In the final part of the cross-examination of the French officer testifying under the pseudonym RM 55, Ratko Mladic’s defense tried to prove that the VRS ‘had the right’ to reclaim the heavy artillery under UNPROFOR’s control to defend itself against the Muslim attacks. That right was purportedly granted in a protocol signed in 1994 by Radovan Karadzic and Yasushi Akashi

Ratko Mladic in the courtroomRatko Mladic in the courtroom

In the cross-examination of the French officer testifying under the pseudonym RM 55, the defense of the former VRS commander Ratko Mladic tried to prove that the Bosnian Serb forces ‘had the right’ to reclaim the heavy artillery placed under UNPROFOR’s supervision in February 1994.

The defense invoked a protocol that had purportedly been signed in 1994 by Radovan Karadzic and the UN special envoy Yasushi Akashi. According to defense counsel Branko Lukic, the protocol ‘allowed the Serbs to reclaim the weapons if the Muslim forces attacked them, and if UNPROFOR couldn’t prevent these attacks’.

The French officer claimed that the United Nations never approved such a protocol. Furthermore, as the French officer noted, Muslim attacks could never be construed as justification for the Serbs to reclaim their heavy artillery, in light of the intensity of the attacks and the fact that the Serb army had enough artillery to respond to them adequately.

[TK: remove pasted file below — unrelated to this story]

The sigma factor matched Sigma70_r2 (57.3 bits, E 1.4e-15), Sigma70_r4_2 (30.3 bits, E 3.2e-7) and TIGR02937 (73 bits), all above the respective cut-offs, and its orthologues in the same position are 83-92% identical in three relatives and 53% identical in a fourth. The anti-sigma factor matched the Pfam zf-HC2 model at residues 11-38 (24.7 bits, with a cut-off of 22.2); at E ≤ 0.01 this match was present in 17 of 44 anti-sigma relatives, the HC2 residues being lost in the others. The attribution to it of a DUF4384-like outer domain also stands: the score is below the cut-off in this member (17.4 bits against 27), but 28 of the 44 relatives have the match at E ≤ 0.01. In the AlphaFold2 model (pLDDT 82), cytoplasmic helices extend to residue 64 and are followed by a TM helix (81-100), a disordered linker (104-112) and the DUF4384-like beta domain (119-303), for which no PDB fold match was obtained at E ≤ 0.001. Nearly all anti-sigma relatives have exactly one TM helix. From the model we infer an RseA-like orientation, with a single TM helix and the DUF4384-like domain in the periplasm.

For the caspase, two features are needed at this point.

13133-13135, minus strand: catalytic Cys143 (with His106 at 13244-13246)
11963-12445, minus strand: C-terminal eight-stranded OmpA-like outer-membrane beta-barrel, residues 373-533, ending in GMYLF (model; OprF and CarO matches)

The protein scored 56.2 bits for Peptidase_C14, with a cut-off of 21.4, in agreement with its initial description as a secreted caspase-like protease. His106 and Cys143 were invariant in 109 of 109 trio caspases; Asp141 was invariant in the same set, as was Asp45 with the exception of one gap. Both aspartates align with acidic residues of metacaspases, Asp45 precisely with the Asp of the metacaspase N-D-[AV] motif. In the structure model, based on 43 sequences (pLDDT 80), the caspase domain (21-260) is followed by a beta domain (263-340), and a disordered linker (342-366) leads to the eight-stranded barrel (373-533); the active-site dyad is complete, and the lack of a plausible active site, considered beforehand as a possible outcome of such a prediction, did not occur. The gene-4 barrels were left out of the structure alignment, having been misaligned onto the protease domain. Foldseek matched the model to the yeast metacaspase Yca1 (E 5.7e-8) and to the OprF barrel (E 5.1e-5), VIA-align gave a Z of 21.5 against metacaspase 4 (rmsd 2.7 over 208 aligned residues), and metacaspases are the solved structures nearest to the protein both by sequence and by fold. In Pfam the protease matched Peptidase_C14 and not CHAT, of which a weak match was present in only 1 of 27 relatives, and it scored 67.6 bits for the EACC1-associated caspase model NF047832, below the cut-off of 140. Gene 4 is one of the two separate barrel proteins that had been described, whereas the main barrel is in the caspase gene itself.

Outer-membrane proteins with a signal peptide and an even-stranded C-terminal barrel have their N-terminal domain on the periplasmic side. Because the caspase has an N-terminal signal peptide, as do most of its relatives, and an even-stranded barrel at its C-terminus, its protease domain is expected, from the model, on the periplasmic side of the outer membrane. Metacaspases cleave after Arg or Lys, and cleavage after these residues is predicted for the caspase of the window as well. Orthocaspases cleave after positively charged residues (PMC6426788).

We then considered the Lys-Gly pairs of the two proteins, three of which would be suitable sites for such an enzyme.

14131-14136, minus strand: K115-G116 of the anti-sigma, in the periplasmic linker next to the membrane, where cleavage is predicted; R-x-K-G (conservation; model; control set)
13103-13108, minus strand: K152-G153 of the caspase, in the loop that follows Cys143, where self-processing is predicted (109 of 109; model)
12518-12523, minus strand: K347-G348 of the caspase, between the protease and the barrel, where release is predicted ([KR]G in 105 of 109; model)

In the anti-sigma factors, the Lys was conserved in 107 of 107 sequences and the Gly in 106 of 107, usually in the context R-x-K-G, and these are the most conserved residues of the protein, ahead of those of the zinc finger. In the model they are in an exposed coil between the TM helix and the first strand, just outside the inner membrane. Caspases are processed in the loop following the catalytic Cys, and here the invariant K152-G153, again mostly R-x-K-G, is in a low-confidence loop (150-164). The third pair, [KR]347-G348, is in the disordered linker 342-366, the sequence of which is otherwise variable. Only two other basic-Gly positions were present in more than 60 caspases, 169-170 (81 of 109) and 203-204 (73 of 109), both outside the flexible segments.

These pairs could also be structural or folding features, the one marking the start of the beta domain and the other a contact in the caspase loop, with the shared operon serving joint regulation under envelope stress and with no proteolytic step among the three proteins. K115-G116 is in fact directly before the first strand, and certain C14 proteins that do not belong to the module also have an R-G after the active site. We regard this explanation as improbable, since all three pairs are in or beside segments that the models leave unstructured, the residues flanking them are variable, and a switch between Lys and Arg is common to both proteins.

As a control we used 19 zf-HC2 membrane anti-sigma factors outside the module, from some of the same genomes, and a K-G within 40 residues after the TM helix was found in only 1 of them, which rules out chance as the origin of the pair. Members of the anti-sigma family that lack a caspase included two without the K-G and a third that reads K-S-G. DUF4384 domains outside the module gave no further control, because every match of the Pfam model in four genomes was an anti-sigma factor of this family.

Lukic put it to the witness that the protocol prohibited ‘any military activity’, including the fortification of trenches and any advances by the two sides. Asked if the UN notified either of the warring sides that it had not accepted the protocol, the witness couldn’t give an answer; as he explained, he only knew the text of the official agreement.

In the cross-examination, the defense relied on three documents: the official agreement to place the heavy artillery under UNPROFOR control from February 1994, the protocol signed by Karadzic and Akashi the same month, and Akashi’s cable to Kofi Anan on 16 August 1994. The text of the protocol invoked by Mladic’s defense was attached to the cable. The prosecution insisted that the text was ‘not signed and not valid’.

The judges noticed that the defense used different terminology than the controversial protocol. Presiding judge Orie recalled that in the cross-examination it was put to the witness that under the protocol, the Serbs ‘have the right’ to reclaim the heavy artillery if they were attacked by the Muslim forces. However, the protocol specifically referred to two scenarios, Judge Orie noted.

In the first case, if for any reason UNPROFOR were to withdraw from the heavy weapon collection points or from the positions between the warring sides, the Serb side ‘reserves the right to redeploy’ the heavy artillery. The second scenario envisaged that if the opposing side attacked the Serbs, they ‘reserve the right to take adequate measures’ to defend themselves.

Ratko Mladic’s trial will continue tomorrow with the evidence of the former commander of UNPROFOR in Sarajevo Rupert Smith.